Studies have shown that L-citrulline may help to reduce exercise-induced gastrointestinal injuries and that taking L-alanyl-L-glutamine after strenuous activity may increase cognitive function
In a round up of recent research, studies have shown that L-citrulline may help to reduce exercise-induced gastrointestinal injuries and that taking L-alanyl-L-glutamine after strenuous activity may increase cognitive function. Yet, with a national survey revealing that Americans fear mental decline more than physical debility, exercise alone may not be enough to guarantee long-term brain health.
According to a recently published study in the American College of Sports Medicine, L-citrulline might be a preferred pre-workout ingredient for endurance athletes. Oral supplementation with L-citrulline before exercise may help to reduce the gastrointestinal (GI) problems associated with physical strain during strenuous exercise.1
Participants in the double-blind, placebo-controlled study took 10g of L-citrulline orally before exercise. The results of subsequent tests showed increased levels of L-arginine, an amino acid involved in the production of nitric oxide (NO). Blood flow in the stomach and small intestine drops during exercise, which can lead to blood vessels and fragile internal linings becoming damaged, and may be responsible for unpleasant GI symptoms. Nitric oxide is known to support blood circulation, especially in the presence of L-arginine.1
'The results of this study may be useful for athletes with ischaemia-related abdominal symptoms during strenuous exercise,' said researcher Dr Kaatje Lenaerts, Maastricht University Medical Centre. 'The current study demonstrates that a single oral dose of L-citrulline before exercise reduces intestinal injury and can be taken without side-effects.'
According to Kyowa Hakko, who provided the L-citrulline used in the study, it’s a better precursor of arginine and NO than arginine itself. This is shown by acute oral administration of L-citrulline raising plasma arginine levels to about 227% with 3.8g/body surface area of L-citrulline (within 4 hours) compared with only 90% with the equivalent dose of arginine.2
Further, a related animal study published in Biochemical and Biophysical Research Communications showed that L-citrulline plus L-arginine supplementation caused a more rapid increase in plasma L-arginine levels and a marked enhancement of NO bioavailability, including plasma cGMP concentrations, than with dosage with the single amino acids. Blood flow in the central ear artery in rabbits was also significantly increased by L-citrulline plus L-arginine administration as compared with the control.3
In further research, a study has shown that taking L-alanyl-L-glutamine after strenuous exercise may increase cognitive function. According to a study published in the European Journal of Sport Science, taking Sustamine after endurance exercise increases athletes’ reaction times and cognitive function when compared with no hydration.4
Twelve male athletes performed four endurance trials of various lengths. One trial allowed no hydration, with another consisting of consuming an energy drink. The other two trials included low and high doses of Sustamine in energy drinks. Participants were then given a reaction time test in which they had to press buttons as quickly as possible when lit up with either a hand or foot. With no hydration, researchers found that the athletes’ reaction times were negatively affected, whereas those taking Sustamine saw a noticeably higher number of correct hits.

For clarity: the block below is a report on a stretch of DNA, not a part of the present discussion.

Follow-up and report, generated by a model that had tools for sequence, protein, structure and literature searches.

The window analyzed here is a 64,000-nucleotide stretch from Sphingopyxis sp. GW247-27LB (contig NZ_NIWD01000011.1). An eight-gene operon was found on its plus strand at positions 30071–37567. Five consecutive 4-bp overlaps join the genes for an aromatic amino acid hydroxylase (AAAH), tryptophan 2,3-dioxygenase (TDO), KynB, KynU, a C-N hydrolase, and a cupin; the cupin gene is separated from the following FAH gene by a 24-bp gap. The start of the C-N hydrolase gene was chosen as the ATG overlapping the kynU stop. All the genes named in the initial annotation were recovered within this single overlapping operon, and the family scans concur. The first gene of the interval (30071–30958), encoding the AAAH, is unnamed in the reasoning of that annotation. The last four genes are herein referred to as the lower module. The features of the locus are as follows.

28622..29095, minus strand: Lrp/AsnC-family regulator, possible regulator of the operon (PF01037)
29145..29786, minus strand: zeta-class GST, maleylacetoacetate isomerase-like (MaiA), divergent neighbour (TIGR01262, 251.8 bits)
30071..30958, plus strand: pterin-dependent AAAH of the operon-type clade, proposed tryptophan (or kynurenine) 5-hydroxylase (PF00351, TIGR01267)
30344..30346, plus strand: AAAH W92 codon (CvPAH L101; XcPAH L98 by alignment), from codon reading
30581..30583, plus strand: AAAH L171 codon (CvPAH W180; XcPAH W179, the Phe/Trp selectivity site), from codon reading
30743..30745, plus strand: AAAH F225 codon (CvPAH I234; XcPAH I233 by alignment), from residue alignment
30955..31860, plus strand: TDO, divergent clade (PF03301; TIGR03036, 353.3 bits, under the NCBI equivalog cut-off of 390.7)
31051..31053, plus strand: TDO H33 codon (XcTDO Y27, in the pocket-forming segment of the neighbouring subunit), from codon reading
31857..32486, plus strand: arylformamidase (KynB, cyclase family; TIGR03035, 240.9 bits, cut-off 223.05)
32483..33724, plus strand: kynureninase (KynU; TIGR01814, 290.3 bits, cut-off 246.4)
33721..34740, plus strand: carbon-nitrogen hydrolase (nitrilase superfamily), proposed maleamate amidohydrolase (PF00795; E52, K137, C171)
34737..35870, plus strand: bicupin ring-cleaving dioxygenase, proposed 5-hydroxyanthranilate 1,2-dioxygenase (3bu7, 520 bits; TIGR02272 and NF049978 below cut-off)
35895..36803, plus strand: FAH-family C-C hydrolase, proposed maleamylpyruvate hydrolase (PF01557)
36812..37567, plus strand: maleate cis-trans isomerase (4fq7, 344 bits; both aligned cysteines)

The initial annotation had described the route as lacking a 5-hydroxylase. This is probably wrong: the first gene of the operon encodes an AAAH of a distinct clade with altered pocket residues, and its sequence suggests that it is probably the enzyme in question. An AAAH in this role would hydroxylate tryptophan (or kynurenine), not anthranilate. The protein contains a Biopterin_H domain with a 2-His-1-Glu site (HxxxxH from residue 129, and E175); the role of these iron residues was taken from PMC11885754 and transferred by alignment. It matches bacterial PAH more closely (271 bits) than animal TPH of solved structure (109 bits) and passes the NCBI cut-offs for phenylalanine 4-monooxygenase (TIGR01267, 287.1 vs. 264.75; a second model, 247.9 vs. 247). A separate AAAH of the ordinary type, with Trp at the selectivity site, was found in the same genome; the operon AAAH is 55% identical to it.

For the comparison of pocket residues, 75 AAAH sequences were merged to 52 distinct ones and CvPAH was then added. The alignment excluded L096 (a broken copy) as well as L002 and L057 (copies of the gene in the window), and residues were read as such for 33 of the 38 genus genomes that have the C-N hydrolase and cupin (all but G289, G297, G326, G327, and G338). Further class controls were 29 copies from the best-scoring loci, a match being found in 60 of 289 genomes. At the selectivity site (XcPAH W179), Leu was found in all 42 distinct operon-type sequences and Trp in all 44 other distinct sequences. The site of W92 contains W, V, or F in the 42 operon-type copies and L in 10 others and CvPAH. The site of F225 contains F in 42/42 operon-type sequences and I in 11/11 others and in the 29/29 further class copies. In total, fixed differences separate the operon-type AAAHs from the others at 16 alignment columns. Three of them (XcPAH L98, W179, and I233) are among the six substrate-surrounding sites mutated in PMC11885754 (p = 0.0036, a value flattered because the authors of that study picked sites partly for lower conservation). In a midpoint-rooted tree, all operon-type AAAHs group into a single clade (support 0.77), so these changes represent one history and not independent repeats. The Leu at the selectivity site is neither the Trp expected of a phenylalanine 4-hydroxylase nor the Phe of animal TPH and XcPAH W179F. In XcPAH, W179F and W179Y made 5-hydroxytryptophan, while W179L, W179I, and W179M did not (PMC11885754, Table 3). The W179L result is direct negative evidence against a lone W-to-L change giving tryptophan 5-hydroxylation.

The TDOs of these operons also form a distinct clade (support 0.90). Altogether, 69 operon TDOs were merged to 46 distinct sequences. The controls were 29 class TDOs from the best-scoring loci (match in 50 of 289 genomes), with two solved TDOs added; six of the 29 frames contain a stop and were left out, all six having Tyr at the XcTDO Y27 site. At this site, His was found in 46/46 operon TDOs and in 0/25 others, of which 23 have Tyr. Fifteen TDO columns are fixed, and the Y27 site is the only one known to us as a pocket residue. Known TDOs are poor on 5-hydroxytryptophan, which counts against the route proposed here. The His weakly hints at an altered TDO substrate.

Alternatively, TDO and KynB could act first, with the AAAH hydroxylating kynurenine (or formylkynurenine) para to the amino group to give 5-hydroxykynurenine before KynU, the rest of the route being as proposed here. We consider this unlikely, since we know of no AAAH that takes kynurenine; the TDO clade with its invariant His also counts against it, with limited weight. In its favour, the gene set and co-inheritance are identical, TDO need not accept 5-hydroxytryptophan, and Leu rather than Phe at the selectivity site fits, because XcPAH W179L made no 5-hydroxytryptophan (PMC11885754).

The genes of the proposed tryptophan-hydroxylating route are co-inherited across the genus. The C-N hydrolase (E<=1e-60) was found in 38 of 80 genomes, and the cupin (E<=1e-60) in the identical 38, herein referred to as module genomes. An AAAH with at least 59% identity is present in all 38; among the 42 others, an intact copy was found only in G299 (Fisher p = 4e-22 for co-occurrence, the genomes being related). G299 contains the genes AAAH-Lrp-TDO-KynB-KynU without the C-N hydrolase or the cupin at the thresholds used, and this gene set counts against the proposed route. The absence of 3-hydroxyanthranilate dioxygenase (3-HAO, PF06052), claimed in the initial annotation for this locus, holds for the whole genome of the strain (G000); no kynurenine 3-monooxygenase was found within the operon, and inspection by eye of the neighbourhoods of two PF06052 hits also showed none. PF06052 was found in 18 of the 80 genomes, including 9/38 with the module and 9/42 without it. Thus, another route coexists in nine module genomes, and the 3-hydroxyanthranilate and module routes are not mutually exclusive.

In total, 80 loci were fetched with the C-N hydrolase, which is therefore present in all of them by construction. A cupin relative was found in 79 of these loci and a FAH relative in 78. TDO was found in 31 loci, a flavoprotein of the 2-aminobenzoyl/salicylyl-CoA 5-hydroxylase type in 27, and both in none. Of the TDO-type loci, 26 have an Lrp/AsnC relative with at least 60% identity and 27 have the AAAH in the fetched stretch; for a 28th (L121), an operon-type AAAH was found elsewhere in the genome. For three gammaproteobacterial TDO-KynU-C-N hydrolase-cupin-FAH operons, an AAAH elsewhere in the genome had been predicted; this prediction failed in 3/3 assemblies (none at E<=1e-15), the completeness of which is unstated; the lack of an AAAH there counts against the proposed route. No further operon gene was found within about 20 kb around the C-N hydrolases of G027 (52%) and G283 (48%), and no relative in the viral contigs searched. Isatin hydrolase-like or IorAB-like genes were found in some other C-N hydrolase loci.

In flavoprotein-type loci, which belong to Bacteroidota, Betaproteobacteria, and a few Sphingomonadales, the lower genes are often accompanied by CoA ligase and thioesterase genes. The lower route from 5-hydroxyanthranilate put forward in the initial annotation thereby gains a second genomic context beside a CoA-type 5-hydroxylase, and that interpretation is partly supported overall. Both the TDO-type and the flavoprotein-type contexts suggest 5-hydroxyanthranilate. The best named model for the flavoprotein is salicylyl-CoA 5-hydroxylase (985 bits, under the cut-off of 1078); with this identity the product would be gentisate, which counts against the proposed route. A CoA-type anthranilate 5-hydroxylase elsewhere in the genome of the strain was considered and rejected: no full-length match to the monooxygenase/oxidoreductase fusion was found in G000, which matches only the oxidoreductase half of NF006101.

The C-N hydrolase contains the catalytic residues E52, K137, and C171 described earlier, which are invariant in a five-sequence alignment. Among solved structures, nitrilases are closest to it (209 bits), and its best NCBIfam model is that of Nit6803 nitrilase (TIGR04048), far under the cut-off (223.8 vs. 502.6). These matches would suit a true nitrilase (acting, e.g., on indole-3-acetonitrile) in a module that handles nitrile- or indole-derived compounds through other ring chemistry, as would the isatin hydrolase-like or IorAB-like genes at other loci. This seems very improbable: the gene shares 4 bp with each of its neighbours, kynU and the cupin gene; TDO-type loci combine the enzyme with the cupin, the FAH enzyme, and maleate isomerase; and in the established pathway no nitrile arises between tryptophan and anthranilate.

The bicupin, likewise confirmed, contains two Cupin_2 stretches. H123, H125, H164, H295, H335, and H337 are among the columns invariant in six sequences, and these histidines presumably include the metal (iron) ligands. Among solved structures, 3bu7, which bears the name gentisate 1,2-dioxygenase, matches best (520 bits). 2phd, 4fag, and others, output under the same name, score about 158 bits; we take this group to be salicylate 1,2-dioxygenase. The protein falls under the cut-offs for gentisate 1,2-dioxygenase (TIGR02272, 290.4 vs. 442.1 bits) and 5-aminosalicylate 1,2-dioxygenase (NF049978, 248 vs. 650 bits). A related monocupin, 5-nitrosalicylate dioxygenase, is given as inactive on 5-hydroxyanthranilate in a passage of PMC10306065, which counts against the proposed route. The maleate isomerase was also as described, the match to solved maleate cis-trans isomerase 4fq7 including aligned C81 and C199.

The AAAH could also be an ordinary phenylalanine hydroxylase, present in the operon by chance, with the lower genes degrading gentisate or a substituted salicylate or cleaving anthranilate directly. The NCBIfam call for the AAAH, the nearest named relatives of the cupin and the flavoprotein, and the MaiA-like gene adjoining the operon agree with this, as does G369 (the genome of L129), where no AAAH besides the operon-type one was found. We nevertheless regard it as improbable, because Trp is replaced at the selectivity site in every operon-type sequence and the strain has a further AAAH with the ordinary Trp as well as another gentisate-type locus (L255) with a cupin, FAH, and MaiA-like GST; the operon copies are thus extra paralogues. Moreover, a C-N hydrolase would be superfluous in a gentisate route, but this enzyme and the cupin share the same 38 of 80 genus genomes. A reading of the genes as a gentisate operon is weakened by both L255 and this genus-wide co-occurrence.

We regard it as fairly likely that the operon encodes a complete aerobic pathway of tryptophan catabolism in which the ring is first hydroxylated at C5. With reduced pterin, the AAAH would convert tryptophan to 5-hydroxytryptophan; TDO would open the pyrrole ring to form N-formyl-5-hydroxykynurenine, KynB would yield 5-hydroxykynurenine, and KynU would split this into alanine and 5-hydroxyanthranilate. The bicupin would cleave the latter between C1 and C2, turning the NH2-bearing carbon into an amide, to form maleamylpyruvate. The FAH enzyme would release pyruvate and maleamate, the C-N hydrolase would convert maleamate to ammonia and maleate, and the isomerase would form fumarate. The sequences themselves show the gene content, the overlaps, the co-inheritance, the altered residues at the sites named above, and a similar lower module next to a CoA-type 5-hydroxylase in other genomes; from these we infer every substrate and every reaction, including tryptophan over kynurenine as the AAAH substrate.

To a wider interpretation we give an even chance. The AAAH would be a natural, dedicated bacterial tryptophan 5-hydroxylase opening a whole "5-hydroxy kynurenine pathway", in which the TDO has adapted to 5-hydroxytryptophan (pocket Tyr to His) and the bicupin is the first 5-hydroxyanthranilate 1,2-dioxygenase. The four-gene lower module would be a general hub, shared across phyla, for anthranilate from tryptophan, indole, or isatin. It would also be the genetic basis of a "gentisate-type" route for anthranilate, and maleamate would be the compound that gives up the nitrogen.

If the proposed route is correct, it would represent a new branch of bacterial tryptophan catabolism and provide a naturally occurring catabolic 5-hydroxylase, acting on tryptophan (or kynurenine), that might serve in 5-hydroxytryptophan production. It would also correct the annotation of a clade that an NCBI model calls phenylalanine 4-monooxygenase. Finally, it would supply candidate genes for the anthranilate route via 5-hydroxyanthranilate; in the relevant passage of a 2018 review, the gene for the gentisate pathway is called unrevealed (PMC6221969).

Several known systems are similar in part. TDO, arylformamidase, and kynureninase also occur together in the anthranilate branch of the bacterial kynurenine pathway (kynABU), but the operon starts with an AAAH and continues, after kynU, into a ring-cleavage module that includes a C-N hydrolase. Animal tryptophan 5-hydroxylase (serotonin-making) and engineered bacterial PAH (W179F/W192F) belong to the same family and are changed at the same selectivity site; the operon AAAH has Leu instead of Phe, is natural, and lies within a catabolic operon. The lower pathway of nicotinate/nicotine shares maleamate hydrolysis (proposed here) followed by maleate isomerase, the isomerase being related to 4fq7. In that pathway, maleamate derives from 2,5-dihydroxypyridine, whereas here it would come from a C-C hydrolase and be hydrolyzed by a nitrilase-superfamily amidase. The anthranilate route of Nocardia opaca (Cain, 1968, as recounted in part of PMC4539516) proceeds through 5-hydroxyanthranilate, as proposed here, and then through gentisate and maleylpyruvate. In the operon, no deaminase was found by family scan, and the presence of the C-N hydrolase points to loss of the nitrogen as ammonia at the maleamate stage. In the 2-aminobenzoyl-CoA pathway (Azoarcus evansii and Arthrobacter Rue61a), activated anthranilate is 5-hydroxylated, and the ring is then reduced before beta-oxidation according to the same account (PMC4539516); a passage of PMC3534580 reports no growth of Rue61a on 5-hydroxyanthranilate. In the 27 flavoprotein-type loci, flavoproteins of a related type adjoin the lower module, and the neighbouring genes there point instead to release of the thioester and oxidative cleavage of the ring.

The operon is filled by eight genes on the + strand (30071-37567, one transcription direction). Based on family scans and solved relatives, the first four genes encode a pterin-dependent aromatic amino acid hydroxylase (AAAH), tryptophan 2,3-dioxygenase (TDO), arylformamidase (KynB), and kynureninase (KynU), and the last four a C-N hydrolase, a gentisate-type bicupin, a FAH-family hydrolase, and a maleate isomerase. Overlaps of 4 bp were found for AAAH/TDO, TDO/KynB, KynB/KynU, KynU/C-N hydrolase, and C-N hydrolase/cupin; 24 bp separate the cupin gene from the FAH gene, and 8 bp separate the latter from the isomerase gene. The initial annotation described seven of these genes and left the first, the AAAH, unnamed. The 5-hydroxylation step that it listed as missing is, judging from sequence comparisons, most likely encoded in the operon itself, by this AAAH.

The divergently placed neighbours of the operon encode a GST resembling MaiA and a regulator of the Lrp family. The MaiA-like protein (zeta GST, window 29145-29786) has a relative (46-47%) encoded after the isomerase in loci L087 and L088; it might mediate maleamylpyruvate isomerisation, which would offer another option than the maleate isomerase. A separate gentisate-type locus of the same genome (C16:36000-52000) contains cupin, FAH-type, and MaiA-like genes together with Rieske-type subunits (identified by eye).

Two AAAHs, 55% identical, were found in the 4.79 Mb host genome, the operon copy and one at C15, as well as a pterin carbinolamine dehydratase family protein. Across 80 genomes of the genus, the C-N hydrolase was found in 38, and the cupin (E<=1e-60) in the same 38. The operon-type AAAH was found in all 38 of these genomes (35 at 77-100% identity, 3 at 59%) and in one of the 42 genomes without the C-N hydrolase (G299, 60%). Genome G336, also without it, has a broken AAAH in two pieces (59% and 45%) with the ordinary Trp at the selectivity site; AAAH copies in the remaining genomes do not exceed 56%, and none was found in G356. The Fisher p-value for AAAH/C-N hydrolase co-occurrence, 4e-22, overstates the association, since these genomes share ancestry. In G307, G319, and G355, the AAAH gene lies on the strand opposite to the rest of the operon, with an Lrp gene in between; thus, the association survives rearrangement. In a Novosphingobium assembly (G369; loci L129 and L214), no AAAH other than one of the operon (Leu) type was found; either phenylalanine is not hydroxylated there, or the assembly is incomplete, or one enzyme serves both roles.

For cognitive tests, participants were required to subtract the number 7 from a random four-digit number. The number of correct answers was recorded. Non-hydrated subjects had correct answers as high as 5.02; those who ingested Sustamine had correct answers as high as 5.96 to 7.3.
Sustamine is a dipeptide of glutamine that provides several substantial benefits such as enhanced recovery, immune system support and increased metabolic rate. On top of these benefits, research suggests that Sustamine is absorbed more than 240% better than standard L-glutamine, which means you get results while having to use less.5
The link between physical activity and cognition is well-founded. According to leading neuroscientist, Dr Deborah Yurgelun-Todd, diet and exercise are two of the best ways to care for the brain. 'Individuals should establish good brain health habits such as eating healthy foods with omega-3 fatty acids — monounsaturated fatty acids have been found to deliver nutrients to the brain — and staying active, exercising to reduce stress and tension,' she notes. And, although the exercise-induced reduction in cognitive ability described above may only be temporary, it does serve to highlight a more important issue.
To bring much-needed attention to Brain Health Awareness Week in March, national survey data was released that shed light on consumer concerns related to brain health and function. Among the notable results, the survey found that 57% of Americans fear reduction in brain function more than physical decline (43%).